Older adults sometimes find it difficult to decide where certain online activities fit on the continuum of infidelity.
However, people in the millennial generation—the generation that largely grew up with the Internet—seem to have much clearer ideas about varying forms of cyber affairs. And a new survey of 1,000 millennials found that the vast majority of them believe online flirting is cheating.
Older Adults vs. Millennials When It Comes To Views Of Online Flirting
While there is no definitive age range for millennials, the generation is typically considered to include people born between the early 1980s and the early 2000s.
Older adults may still feel that the Internet is not quite the “real world” and that flirting or other sexual/romantic things that happen online cannot be judged as harshly as similar behaviors in person.
But people of the millennial generation and younger conduct so much of their lives on the Internet that this point of view seems to hold less weight with them.
The Internet not only plays a crucial role in the social lives of many people in this generation, but it has also become a place to conduct important business. If you can interview for a job online, file your taxes online and complete your banking online, it becomes harder to deny the “reality” of interactions that take place via the Internet.
The survey, conducted through telephone interviews by Fusion.net, found that 82 percent of the 1,000 millennials who participated believed that online flirting counts as cheating. Of the women interviewed, 88 percent believed that online flirting was cheating, compared to 77 percent of the men interviewed. Just over 15 percent of the participants said that online flirting did not count as cheating, with the small remainder saying they were unsure.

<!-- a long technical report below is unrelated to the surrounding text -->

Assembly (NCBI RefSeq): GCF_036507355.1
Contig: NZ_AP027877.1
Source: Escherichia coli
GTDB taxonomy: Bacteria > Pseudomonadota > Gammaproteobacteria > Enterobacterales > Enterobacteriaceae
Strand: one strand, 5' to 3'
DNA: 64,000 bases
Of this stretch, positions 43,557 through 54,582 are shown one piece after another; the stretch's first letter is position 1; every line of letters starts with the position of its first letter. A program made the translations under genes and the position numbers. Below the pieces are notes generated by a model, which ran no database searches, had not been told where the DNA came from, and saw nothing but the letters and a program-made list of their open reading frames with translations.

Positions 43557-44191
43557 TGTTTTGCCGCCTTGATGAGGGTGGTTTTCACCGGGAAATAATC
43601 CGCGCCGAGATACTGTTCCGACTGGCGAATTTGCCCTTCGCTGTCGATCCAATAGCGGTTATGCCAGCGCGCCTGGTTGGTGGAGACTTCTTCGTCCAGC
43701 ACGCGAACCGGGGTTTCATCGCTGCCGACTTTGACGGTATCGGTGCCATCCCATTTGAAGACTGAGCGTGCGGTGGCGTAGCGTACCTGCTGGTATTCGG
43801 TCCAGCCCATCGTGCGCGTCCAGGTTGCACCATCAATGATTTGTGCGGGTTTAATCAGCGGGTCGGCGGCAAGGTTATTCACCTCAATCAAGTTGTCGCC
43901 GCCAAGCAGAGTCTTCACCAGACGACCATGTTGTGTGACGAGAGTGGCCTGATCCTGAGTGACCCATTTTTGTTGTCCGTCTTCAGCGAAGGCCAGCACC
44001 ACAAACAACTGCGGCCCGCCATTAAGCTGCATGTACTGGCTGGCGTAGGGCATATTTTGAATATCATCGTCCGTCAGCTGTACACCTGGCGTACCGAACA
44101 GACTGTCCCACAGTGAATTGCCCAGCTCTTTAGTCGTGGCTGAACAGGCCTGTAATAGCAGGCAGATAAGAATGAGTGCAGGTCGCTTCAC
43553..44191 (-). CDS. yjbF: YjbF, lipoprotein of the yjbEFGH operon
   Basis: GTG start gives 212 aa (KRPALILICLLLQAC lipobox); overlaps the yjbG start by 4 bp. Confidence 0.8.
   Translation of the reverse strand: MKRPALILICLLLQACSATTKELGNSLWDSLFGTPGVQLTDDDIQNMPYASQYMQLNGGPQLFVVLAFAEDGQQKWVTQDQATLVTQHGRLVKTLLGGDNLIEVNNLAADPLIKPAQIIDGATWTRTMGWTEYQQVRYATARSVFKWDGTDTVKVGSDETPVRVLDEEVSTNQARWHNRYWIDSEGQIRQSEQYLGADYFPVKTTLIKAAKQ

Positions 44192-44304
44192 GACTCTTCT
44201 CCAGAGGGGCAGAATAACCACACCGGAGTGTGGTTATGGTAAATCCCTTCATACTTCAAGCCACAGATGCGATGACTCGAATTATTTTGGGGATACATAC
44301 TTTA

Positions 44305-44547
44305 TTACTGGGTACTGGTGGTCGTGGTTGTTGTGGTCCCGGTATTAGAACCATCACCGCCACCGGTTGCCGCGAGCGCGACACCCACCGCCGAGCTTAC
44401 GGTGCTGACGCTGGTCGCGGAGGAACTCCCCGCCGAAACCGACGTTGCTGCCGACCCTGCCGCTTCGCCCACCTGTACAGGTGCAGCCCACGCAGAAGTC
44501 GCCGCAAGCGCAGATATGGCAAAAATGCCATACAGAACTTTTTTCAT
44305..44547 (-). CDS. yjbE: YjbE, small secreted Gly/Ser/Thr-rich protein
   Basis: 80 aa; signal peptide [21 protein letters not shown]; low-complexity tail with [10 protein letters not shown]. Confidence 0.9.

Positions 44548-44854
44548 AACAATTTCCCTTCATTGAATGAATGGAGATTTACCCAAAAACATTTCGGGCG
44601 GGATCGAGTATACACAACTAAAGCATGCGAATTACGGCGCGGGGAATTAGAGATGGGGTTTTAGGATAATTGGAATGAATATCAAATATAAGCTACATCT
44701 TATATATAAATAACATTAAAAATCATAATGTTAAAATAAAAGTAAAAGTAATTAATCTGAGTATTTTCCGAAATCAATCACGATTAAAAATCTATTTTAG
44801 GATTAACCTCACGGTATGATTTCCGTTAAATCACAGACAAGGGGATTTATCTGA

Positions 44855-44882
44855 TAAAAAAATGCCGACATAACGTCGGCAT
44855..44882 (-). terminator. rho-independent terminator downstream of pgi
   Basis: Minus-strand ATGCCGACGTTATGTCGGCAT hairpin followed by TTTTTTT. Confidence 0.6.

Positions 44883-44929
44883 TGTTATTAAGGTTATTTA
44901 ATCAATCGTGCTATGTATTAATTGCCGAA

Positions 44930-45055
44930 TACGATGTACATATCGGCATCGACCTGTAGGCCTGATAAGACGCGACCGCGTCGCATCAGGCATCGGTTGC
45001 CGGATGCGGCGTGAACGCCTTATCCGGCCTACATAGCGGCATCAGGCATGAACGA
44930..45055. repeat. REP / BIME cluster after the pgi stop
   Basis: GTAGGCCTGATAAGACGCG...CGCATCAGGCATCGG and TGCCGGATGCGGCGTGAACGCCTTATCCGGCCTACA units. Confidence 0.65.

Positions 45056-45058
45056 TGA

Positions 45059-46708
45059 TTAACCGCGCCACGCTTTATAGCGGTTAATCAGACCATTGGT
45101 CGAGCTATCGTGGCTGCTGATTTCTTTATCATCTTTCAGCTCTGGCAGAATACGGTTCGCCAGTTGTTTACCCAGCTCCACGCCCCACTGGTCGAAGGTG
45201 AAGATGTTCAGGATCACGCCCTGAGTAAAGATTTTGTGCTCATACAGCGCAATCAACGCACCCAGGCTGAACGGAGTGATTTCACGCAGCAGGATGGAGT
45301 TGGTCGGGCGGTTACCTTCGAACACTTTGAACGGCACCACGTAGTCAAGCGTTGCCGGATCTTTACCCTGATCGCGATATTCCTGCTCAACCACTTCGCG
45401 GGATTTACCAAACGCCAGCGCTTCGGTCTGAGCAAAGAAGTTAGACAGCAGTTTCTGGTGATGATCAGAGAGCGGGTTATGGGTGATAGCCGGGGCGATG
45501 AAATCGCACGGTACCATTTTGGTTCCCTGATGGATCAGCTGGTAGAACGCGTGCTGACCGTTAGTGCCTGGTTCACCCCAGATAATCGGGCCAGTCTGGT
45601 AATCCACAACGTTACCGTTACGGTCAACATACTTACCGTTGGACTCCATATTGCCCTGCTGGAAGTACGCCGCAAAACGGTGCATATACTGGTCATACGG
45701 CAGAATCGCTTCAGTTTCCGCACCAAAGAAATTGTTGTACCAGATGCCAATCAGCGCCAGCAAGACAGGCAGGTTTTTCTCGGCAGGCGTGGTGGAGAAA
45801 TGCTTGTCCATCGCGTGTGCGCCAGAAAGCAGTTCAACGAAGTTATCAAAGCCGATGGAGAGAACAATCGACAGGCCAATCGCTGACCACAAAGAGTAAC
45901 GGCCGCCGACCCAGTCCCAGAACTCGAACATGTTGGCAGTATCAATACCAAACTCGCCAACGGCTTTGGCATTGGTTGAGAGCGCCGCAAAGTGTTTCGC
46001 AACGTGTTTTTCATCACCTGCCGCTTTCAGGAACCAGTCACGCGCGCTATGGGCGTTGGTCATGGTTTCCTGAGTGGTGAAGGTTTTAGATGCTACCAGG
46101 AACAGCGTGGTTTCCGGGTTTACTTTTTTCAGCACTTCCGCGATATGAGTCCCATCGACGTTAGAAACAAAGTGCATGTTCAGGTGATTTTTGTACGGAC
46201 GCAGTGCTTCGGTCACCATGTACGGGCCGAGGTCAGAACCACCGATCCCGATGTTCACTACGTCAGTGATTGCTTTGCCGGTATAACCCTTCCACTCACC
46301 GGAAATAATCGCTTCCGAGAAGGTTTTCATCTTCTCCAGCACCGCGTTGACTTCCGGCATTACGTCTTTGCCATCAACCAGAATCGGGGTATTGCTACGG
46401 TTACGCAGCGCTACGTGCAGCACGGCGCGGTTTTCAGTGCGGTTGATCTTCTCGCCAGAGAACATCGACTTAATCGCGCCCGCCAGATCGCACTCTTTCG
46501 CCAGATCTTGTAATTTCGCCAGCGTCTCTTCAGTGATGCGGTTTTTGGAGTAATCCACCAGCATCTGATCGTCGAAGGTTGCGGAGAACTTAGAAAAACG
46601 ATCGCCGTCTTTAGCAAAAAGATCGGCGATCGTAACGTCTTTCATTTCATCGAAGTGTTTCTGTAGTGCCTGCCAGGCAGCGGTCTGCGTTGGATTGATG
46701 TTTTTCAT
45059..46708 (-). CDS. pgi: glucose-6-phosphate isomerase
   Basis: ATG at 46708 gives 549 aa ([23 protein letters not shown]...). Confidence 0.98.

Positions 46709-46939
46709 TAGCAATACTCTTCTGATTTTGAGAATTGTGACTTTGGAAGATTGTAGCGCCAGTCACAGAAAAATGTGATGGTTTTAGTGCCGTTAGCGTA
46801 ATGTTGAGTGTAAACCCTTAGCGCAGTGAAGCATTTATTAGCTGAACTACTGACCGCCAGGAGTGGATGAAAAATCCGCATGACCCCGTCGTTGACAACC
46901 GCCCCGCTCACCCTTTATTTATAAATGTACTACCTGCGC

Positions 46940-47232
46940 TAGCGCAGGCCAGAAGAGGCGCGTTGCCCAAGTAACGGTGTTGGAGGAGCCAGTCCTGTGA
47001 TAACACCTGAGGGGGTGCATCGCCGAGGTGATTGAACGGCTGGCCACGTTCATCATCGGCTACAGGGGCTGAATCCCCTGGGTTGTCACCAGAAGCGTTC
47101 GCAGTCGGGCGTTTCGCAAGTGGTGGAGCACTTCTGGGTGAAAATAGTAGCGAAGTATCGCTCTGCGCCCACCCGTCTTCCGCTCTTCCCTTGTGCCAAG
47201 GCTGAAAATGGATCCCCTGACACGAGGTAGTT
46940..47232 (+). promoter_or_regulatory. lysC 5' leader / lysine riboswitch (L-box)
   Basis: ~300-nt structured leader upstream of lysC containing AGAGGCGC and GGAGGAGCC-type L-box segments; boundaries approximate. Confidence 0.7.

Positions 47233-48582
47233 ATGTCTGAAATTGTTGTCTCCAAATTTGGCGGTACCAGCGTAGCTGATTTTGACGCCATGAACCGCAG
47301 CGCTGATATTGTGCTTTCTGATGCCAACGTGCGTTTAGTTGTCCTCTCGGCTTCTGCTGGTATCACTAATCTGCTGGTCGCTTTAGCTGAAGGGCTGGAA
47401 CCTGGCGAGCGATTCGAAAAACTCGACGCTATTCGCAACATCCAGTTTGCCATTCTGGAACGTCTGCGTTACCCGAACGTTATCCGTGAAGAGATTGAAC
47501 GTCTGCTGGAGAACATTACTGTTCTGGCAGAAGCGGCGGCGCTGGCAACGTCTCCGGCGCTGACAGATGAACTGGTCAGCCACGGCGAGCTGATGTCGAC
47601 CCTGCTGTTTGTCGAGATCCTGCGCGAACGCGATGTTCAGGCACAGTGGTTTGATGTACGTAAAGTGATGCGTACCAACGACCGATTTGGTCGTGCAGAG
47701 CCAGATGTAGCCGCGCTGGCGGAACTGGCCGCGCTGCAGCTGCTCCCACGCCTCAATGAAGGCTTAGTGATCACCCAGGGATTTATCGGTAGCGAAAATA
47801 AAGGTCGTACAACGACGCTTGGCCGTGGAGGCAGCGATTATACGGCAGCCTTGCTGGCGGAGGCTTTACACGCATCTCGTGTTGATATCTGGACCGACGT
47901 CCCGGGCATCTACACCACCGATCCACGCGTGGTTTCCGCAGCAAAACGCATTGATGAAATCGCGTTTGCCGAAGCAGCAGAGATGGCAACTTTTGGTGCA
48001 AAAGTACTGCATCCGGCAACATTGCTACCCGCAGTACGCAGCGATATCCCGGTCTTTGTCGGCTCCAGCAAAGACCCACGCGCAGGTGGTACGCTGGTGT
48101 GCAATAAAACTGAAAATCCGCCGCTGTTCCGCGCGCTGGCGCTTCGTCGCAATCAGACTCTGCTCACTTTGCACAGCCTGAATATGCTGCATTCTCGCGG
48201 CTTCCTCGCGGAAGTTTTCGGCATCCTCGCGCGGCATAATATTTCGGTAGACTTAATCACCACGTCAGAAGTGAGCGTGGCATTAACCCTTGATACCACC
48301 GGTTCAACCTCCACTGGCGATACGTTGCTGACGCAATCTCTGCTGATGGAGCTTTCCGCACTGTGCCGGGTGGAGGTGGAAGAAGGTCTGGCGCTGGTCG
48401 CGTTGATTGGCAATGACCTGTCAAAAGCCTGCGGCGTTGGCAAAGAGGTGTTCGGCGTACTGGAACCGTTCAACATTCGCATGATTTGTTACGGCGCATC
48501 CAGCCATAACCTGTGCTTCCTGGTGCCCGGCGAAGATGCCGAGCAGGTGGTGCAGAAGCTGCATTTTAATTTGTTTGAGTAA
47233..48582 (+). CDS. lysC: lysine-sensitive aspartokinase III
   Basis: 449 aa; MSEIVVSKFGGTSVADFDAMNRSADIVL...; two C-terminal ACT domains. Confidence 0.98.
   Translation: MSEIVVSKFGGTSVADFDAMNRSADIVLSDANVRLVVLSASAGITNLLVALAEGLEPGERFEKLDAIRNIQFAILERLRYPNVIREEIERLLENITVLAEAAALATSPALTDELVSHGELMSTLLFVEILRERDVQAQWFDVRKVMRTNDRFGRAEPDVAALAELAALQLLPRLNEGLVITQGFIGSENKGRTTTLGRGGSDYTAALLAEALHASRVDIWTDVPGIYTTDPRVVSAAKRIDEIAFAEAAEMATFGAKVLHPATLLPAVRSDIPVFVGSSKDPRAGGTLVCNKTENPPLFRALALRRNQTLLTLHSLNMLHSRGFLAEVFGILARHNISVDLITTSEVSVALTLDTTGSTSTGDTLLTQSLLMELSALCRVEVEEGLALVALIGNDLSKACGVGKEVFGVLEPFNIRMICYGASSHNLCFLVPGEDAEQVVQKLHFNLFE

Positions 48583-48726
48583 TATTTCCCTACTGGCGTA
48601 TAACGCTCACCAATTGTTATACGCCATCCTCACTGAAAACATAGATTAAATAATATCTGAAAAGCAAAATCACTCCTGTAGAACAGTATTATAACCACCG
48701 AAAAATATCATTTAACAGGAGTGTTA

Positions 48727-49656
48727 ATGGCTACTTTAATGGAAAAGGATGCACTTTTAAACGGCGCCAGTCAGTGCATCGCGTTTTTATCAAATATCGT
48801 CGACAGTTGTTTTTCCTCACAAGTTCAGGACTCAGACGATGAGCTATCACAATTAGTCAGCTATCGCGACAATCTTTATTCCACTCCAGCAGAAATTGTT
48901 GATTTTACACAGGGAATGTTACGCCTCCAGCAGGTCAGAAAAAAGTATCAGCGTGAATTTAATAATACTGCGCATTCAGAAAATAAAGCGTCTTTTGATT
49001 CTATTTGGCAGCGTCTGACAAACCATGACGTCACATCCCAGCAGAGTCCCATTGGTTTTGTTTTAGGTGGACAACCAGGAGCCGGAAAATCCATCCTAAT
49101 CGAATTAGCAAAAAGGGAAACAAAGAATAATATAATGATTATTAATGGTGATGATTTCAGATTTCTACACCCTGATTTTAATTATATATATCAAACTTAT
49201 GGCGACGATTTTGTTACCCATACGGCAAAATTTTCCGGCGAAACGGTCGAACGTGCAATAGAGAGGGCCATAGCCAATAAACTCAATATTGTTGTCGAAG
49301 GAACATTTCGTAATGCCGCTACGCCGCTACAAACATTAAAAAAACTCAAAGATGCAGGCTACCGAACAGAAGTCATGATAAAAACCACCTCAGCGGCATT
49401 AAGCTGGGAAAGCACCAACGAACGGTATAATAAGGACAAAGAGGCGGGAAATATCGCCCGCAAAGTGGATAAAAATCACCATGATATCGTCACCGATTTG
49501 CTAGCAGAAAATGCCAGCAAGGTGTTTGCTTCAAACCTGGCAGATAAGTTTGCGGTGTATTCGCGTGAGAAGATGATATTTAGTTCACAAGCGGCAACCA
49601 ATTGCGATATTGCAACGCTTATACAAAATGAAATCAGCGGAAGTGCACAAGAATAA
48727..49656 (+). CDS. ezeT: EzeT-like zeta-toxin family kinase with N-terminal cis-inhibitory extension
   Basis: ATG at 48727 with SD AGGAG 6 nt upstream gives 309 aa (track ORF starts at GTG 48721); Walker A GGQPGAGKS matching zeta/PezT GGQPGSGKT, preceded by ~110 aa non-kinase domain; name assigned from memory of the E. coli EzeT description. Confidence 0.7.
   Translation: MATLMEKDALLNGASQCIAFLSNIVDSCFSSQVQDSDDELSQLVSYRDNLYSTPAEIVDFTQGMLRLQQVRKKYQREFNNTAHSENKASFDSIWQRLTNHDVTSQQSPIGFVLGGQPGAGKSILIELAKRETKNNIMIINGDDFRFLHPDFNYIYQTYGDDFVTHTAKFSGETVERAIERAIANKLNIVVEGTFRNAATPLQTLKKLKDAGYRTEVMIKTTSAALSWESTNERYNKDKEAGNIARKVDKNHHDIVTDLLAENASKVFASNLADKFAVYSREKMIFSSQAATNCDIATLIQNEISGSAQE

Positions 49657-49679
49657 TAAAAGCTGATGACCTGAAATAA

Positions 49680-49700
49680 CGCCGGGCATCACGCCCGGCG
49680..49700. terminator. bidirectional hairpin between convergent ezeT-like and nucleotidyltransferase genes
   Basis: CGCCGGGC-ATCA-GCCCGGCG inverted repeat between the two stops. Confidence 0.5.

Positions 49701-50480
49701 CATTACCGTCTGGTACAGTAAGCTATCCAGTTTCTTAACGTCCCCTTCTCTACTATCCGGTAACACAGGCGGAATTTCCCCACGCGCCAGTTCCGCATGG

Online Flirting Is Easy To Hide
Part of the reason so many younger adults label online flirting as cheating may be an awareness of how easy and tempting online flirting can be. Conducting a dalliance online is easier to do and easier to hide from your significant other than conducting an in-person affair. Instead of having to find time to meet in secret and then lie about where you were and whom you were with, you can flirt with an online friend while sitting next to your partner on the sofa watching television.
An online affair also leaves less of a trace than a full blown in-person affair. There are no receipts to hide or physical traces to explain away, and as long as people keep their Internet passwords to themselves, it can be hard for a partner to gather evidence of what they are up to.
This no-fuss, low-risk nature of cyber cheating may be just what puts millennials’ guards up. Given that online flirting is so easy to do and so difficult to detect, members of this generation may want to make it absolutely clear that they consider any kind of online flirtation or relationship to be true infidelity and therefore a serious problem in any relationship. Excuse online flirting and you give your partner an uncomfortable amount of online room to play with.
Another argument that supports viewing online flirting as cheating is simply an understanding that intent remains the same, no matter the format under which the flirting takes place. If someone flirts with the intent to pursue a sexual or romantic encounter, it doesn’t matter whether they are flirting online or in person.
See How To Prevent Cyber Cheating